On the greyest of days, photographs can often suffer from a lack of color. That’s not to say we should be downcast when it’s overcast, but a little color goes a long way when it’s a drizzly mess outside. While the Christmas season has long since passed, Christmas lights can make for a compelling chromatic subject.

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All photographs taken by and used with expressed permission from Jesús Chapa-Malacara.

Motion has always been Brooklyn-based photographer Jesús Chapa-Malacara‘s focus in many, if not most, of his photographs. A former contemporary ballet dancer himself, he knows and understands motion as well as sees the aesthetics in it that many won’t – whether it be from a small child in play or an athlete in training. And he’s learned to translate what he sees into photographs so that everyone else can appreciate it too.

Jesús loves and has a knack for capturing dances in his photographs but most recently, he has taken this talent into another level. He’s taken his focus from one part of dance to the other, lesser known one. Rather than taking the usual photos of dance moves or tricks, he’s now focusing on the in-between – the movement of a dancer between each position, and he’s figured out a way to show all these in-between movements in a single shot, without the help of Photoshop.

As improbable as it may seem, what you see in that photograph (and the ones below) is not the result of Photoshop but instead of true innovation in what today might be considered old-school photography. Thoughtful and creative lighting, extraordinary photo subjects, an exacting attention to detail and a lot of hard work (on my part as well as on the part of my dance friends).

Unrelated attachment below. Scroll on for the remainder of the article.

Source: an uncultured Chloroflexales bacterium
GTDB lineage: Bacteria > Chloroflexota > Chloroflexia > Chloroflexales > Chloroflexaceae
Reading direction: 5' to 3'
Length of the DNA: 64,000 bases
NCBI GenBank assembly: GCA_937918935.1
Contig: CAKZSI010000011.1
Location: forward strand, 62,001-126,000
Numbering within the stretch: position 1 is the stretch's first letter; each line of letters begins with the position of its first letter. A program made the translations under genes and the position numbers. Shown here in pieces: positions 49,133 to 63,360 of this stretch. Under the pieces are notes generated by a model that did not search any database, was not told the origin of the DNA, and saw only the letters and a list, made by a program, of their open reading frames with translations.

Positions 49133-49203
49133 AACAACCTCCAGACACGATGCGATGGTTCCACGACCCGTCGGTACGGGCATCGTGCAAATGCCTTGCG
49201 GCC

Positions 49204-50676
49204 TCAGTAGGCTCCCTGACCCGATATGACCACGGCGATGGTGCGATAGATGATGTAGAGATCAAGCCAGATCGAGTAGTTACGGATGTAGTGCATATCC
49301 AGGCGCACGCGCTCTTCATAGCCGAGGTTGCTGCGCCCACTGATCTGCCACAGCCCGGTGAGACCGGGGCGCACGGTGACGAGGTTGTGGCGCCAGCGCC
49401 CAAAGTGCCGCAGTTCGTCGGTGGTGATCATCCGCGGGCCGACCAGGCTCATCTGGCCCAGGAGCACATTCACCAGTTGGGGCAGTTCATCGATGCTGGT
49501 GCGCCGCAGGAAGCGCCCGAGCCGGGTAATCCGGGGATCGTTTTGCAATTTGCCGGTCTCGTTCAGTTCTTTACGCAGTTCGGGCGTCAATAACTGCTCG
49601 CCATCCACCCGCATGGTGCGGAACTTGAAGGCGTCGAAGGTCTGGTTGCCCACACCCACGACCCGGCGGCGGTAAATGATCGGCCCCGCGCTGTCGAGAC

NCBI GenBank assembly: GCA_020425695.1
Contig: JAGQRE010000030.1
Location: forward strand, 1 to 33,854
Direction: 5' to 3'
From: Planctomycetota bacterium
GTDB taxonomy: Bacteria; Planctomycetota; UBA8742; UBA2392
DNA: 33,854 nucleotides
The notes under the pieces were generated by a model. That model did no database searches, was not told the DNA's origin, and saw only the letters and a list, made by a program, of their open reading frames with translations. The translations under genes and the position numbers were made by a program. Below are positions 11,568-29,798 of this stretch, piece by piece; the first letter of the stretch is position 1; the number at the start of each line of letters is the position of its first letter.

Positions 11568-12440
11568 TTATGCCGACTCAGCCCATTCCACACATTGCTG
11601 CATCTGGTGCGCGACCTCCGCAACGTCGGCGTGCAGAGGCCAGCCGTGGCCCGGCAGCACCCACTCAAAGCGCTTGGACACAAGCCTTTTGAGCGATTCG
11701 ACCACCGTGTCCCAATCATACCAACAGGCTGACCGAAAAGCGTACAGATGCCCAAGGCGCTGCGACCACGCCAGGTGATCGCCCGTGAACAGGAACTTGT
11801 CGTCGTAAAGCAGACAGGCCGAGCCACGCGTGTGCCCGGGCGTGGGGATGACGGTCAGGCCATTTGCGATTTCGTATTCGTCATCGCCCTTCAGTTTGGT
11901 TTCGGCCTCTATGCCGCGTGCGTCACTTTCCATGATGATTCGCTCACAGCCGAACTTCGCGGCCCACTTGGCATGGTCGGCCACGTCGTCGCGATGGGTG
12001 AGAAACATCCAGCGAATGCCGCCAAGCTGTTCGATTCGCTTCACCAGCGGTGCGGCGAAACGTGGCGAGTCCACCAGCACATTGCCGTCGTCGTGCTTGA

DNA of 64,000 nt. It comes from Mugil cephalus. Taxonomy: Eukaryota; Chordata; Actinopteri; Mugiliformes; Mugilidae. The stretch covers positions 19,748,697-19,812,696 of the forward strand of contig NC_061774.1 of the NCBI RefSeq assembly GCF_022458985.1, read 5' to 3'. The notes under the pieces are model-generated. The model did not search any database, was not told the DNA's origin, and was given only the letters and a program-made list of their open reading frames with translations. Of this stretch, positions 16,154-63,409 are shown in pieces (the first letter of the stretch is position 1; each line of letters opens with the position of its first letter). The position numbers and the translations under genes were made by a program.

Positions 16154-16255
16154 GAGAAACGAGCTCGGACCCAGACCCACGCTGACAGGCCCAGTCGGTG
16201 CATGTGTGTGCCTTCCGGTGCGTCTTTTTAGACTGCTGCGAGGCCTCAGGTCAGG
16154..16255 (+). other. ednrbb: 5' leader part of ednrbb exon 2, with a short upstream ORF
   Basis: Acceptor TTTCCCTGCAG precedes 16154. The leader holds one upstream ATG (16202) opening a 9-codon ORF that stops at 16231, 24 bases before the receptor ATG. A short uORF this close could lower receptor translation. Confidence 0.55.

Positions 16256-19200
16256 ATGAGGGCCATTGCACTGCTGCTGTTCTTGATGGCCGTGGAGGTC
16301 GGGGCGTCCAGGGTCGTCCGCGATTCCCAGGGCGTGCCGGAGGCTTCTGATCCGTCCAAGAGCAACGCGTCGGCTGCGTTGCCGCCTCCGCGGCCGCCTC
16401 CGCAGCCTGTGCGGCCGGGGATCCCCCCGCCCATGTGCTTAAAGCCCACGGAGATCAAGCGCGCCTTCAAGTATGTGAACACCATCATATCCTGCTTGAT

To launch his new found technique, which he plans to pursue further through a Kickstarter campaign, he has released a stunning series called “Esprit de Corps.” Esprit de Corps features beautifully and artfully-captured photographs of some of the world’s best ballet dancers in motion. Each of the photographs in this series is as haunting as it is extraordinary, showing the fluid movements of each dancer as if time has slowed down considerably and then suddenly frozen, so that you see the ghosts of past movements surrounding a dancer in midst graceful motion.

See the amazing photos in this series after the jump. To find out more about Jesús’ work, check out his website or follow him on Facebook or Twitter.